Car manufacturer Lexus stunned media outlets around the world recently, when they revealed that they have developed a “hoverboard.” On the Htet Tayza blog, this has inspired me to discuss whether hover technology could really enter the mainstream.
Science fiction gets it right
There’s a reason that the science fiction genre of entertainment seems to hold an element of the fantastical. So many of the inventions that are staples of these books and TV shows seem beyond the realm of comprehension.
But as a Guardian article recently pointed out, there are a lot of instances where science fiction got it right. Take the tablet computer, for example. This innovative technology was first seen being used in episodes of Star Trek, years before it was first created. It’s the same with self-driving cars; they were featured in the 1993 film Demolition Man two decades before they were actually developed.
Hover technology is the ultimate staple of the science fiction genre. TV shows as far back as The Jetsons predicted that one day we’d all be driving around in hover cars, and the thing is that their claims aren’t so far-fetched. Hover technology has actually been around for quite a while.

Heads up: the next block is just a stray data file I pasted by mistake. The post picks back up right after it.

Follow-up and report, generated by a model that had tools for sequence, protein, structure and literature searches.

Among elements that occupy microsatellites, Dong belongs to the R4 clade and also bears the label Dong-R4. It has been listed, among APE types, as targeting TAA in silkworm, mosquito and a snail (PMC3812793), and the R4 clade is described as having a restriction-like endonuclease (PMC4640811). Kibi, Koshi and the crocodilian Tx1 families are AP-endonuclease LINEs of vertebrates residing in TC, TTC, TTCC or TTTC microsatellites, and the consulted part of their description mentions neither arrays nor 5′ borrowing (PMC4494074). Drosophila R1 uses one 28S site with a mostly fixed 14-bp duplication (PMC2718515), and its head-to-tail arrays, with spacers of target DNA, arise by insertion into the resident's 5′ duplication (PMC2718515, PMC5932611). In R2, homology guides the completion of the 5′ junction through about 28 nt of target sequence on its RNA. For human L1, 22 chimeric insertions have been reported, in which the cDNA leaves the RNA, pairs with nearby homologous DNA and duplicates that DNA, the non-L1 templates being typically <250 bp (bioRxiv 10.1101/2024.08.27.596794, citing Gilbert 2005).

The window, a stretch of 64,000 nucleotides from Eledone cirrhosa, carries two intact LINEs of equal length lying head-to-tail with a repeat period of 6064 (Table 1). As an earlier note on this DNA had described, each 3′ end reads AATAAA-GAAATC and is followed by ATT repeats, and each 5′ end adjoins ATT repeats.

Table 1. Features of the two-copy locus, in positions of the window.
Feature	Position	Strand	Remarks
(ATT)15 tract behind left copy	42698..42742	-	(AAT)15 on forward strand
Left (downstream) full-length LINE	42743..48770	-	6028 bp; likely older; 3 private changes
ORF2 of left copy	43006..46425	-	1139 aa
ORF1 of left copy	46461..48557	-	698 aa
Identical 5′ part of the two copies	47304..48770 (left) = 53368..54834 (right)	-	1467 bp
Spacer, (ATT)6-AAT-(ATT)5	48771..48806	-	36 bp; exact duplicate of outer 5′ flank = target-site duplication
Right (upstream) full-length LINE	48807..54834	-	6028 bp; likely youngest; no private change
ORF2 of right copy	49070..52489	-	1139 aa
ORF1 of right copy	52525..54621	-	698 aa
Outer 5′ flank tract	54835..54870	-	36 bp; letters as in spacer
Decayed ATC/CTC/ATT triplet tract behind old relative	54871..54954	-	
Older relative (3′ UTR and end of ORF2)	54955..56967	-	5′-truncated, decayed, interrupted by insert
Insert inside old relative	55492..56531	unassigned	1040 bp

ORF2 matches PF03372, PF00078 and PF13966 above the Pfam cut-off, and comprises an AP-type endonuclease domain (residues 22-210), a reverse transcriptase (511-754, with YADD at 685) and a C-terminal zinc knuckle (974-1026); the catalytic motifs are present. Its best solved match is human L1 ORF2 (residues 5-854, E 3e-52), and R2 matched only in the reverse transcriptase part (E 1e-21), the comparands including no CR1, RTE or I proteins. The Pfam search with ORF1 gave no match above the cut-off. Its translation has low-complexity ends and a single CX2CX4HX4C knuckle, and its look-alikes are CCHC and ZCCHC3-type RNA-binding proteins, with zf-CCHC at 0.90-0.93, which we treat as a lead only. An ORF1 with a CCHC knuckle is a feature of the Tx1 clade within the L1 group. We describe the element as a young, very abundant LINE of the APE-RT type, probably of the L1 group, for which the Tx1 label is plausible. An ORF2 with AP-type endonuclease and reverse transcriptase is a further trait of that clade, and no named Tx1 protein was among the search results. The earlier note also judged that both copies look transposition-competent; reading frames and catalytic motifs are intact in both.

A report from the Huffington Post recently pointed out that hoverboards (essentially floating skate boards) already exist, and that they utilise magnetised technology to keep themselves off the ground. This means that they come with a number of key limitations; not only are they astronomically expensive, but they can’t be used on un-magnetic surfaces such as grass, wood or concrete pavement.
Lexus changes the game
Now Lexus has taken this innovation one step further. Recently they unveiled a hoverboard that utilises permanent magnets and liquid nitrogen-cooled superconductors to float.
The car manufacturer is playing its cards close to its chest, so we don’t know much about this startlingly new technology. However, we do know that it was constructed from a sturdy blend of lightweight materials including bamboo for the surface, whilst its elusive power source appears to be hidden by a body composed of a carbon-fibre mesh. Skaters in Barcelona are currently trialling a prototype of the technology.
Entering the mainstream
This may sound absurd, but let’s turn back to the tablet and the self-driving car for a minute. They sounded absurd too; wacky creations that were nothing more the imaginings sourced of technology-blind TV and film writers.
Now, the tablet is commonplace and the self-driving car is almost assured to enter the mainstream within the next decade. Will the hoverboard follow? With Lexus’ significant advancement, it appears as though one day, hover technology really could enter the mainstream.